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Long IslandNassau

James Kennedy sworn in as new Nassau legislator

James Kennedy, center, is accompanied by his wife

James Kennedy, center, is accompanied by his wife Samantha and 3 year-old son Logan as he is officially sworn in as one of the two newest Nassau County legislators. Credit: Newsday / Alejandra Villa

Republican James Kennedy was sworn in Monday as the newest Nassau County legislator, as the GOP inched toward the legislative supermajority it hasn't held in 16 years.

Kennedy, of Massapequa, the son-in-law of the late GOP Presiding Officer Peter Schmitt, took his oath of office in front of family including his wife, Samantha, 3-year-old son Logan, and Schmitt's widow, Lois.

"I'm so honored," Kennedy told the crowd in Mineola.

"Peter is looking down on this day," Lois Schmitt said.

Kennedy, a GOP staffer at the county Board of Elections, defeated Democrat Joseph Stufano in the 12th District special election on Feb. 24 by a wide margin. The seat -- which covers Farmingdale and Massapequa -- was vacated on Jan. 1 when former Legis. Michael Venditto (R-Massapequa) took his seat in the State Senate.

Venditto had served the 12th District since late 2012, replacing Schmitt after his death. Schmitt had represented the 12th District since the county legislature's inception in 1996.

Kennedy gives Republicans an 11-7 legislative majority. That will grow to 12-7 when 19th District Legis. Steven Rhoads (R-Bellmore) is sworn in. Rhoads won a special election last week, but results in that race aren't yet certified.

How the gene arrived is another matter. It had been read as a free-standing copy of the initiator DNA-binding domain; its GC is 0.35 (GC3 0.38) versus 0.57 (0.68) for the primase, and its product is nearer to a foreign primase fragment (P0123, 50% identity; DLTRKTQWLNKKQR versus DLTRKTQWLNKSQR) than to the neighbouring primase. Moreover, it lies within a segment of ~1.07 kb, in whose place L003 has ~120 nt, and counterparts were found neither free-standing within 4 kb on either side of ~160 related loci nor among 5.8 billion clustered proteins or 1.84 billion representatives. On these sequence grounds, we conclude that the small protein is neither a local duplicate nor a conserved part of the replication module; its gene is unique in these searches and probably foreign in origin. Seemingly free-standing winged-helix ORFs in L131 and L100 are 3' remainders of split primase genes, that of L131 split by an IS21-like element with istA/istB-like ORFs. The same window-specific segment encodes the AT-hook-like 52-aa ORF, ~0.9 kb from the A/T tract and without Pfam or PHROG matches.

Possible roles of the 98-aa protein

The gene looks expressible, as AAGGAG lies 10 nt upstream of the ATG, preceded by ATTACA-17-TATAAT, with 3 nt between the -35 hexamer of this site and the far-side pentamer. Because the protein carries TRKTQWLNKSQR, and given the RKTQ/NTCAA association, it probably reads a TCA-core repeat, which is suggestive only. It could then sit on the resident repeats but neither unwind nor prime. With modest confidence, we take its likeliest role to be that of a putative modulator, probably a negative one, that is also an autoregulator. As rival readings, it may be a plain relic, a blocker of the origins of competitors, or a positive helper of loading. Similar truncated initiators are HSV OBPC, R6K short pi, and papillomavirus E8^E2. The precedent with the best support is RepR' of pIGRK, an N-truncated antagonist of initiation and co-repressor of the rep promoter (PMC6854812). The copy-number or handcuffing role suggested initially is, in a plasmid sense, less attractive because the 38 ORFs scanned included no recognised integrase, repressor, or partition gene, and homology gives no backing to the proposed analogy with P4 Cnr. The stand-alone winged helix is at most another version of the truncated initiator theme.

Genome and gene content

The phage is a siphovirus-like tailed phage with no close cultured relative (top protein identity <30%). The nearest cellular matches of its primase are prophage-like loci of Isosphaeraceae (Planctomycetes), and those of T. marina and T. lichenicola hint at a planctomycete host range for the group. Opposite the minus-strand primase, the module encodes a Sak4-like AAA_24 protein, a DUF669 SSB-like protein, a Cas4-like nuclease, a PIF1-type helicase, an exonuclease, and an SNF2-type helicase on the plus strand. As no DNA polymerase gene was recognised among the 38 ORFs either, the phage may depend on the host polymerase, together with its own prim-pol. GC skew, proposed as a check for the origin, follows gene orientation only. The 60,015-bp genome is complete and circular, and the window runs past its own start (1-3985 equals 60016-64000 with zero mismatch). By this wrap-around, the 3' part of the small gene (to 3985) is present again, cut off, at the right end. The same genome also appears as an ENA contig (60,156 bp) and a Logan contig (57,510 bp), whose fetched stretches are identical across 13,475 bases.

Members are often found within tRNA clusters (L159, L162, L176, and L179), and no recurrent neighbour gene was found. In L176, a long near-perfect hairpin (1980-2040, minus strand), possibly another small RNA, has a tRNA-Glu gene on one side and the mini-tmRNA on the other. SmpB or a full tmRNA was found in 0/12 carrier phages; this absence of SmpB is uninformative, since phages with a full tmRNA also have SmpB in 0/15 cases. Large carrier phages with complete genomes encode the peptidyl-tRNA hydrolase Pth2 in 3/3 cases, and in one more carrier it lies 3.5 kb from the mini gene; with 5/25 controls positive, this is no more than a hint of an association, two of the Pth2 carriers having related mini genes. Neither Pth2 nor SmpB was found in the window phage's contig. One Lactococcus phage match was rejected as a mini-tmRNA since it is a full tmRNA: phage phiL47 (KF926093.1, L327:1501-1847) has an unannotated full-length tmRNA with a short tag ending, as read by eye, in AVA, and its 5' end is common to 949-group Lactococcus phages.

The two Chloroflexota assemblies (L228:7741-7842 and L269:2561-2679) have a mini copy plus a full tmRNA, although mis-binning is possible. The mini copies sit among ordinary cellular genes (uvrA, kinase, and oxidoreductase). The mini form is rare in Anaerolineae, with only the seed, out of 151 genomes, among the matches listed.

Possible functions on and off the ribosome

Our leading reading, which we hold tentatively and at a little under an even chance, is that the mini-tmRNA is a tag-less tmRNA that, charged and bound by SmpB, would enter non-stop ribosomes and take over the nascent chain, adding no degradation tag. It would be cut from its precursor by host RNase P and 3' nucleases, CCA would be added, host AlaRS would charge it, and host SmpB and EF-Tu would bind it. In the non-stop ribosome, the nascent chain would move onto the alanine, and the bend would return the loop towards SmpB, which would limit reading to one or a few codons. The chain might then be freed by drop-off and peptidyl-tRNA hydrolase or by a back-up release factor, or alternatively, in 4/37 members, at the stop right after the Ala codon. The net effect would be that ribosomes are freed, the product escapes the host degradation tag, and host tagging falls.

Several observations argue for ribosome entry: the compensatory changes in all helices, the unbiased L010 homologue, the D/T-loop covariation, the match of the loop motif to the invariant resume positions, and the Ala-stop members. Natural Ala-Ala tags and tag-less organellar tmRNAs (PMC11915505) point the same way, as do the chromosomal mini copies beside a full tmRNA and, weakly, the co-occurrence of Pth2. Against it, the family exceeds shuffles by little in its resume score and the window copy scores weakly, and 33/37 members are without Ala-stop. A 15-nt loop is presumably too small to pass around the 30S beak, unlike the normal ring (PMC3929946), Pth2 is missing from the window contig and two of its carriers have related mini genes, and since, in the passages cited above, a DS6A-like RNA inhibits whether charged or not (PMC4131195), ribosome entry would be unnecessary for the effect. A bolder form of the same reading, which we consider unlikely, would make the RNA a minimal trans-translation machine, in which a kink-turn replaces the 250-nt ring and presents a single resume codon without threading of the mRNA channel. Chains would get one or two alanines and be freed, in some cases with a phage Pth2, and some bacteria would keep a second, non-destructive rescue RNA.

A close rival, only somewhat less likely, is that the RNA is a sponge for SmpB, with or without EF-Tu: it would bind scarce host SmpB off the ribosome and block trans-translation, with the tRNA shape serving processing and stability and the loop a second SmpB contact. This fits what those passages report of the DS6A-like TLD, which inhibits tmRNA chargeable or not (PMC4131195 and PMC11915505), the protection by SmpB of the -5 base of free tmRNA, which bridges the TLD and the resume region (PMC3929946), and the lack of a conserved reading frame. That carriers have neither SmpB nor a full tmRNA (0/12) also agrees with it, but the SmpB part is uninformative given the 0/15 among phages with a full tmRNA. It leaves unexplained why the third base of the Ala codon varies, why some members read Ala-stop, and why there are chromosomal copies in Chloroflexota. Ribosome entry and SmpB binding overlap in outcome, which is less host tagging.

The addition of Rhoads and Kennedy put Republicans one seat away from the supermajority that would allow approval of borrowing without Democratic votes. Currently, the GOP negotiates with Democrats to gain the minimum of 13 votes needed to OK borrowing and put emergency items on legislative agendas.

Republicans haven't had a supermajority since 1999, but their recent wins only add to Democrats' new vulnerability.

One of their lawmakers, Legis. Ellen Birnbaum (D-Great Neck), has been barred from the caucus after making racially insensitive remarks early last year. Some lawmakers speculate that Republicans may try to persuade her to caucus with them.

Birnbaum declined to comment Monday when asked if she'd been approached by the majority to secure her support. A Republican source said he didn't believe they would court her.

Nassau Democratic Party chairman Jay Jacobs said, "Ellen is sticking with the Democrats. I'm confident we'll be able to work things out, and we'll be able to hold the line."


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